….that is the question. But what is the answer?  Teens are a different breed. And for StepMoms who have young children of their own or for those who married and got an instant family, managing your relationship with your teen stepkid is unchartered territory. Even when you have a teen and your spouse has a teen, the dynamics are not easy. The teen years are tough on the child and tough on the parents, StepMom included.

As you probably know, I love bringing my Smom Community great resources. I’ve heard from many of you over the past few months that are struggling with defining the relationship between you and your teen stepchild. So when I found www.TalkingTeenage.com I had to stop and stay awhile. I am so impressed with their site and forum.

And then when I got to actually speak with Dr. Barbara Greenberg, one of the two co-authors of the site, I was blown away by her experience and sheer passion for helping parents speak the Language of Teenage. I’m convinced it is another language.

I was so impressed, I am reading their new book

Teenage as a Second Language by Dr’s Barbara R. Greenberg, & Jennifer A. Powell-Lunder

When I’m finished reading, I will post a review but until then I am sharing a piece that Barbara Greenberg was kind enough to share with me. Enjoy!


$$ The Price Parents Pay For Being Their Teen’s Friend! by Dr. Barbara Greenberg

Parents consistently ask us whether or not they should be their teenager’s friend. They are torn, primarily, because they feel that if they are their teens’ friend then they will get to know them better. In fact, they may or may not get to know them better but even if they do, it may come at a significant price.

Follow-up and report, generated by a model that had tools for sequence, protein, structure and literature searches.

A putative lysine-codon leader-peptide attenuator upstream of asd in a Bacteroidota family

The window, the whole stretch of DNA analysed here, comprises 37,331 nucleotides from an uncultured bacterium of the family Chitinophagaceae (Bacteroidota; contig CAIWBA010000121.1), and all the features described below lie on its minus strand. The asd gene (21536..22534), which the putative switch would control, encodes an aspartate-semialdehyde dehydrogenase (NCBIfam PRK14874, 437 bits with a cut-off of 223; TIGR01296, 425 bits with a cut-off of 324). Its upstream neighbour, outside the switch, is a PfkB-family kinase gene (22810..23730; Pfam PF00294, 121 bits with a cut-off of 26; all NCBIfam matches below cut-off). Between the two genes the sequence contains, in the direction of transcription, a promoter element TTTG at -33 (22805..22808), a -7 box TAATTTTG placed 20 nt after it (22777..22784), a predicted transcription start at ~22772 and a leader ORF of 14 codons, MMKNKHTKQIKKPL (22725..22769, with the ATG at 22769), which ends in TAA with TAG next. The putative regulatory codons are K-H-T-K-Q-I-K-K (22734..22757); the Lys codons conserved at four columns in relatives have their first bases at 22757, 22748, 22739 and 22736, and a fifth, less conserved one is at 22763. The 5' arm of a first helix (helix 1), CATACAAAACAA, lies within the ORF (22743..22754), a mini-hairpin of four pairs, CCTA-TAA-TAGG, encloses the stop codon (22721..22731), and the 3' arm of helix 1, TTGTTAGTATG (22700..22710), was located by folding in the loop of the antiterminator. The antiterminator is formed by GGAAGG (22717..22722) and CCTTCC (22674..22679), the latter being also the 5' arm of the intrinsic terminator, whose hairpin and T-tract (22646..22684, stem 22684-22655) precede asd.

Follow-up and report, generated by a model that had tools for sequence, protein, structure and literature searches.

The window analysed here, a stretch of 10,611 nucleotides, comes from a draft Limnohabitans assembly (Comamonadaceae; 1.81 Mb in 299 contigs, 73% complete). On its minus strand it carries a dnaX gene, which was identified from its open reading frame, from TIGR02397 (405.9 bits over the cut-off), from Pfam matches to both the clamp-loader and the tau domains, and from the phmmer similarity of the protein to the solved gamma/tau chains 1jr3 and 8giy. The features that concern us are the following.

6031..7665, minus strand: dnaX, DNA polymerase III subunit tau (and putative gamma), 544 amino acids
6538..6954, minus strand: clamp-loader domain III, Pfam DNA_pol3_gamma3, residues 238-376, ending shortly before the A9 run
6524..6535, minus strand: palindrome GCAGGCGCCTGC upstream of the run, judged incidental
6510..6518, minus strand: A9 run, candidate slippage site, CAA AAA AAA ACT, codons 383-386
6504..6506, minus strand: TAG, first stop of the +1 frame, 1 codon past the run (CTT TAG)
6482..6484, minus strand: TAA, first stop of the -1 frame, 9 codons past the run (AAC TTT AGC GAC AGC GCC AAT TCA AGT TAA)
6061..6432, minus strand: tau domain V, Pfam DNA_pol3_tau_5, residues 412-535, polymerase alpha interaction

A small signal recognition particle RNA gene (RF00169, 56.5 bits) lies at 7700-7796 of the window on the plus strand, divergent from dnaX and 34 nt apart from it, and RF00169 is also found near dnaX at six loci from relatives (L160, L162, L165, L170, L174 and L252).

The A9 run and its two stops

Here are our main concerns about befriending your teens:

1. In the role of a friend, parents lose their status as authority figures and are in less of a position to be taken seriously when setting rules and boundaries.

2.The role of a friend is to be agreeable and keep things harmonious. While parents also strive to provide a harmony: at times they may have to deliver information that is not consistent with being an agreeable friend. Parents need to be comfortable with their teens’ anger and need to understand that this is part of the parenting/authority role. This is inconsistent with the “friend” role.

3. As your teen’s friend you may start to confide in your children. Boundaries are at risk to get blurred. Teens don’t want to be their parents’ confidantes. They neither have the maturity or responsibility for such a role. If they begin to see their parents as needy, they may begin to worry about them. A teen who is worried about a parent often stops confiding and turns to others for emotional support and guidance.

Our takeaway message is that your teens already have friends. They need parents to act as parents and friends to act as friends.


Interested in your thoughts????


A note to my New York readers: Their next book signing for Teenage as a Second Language is on Sunday Jan.16 from 1-3 in New York City at Borders on 32nd and 2nd /  576 2nd Avenue. If you are in the area, stop by and say hi to Barbara and Jennifer and pick up their great new book.

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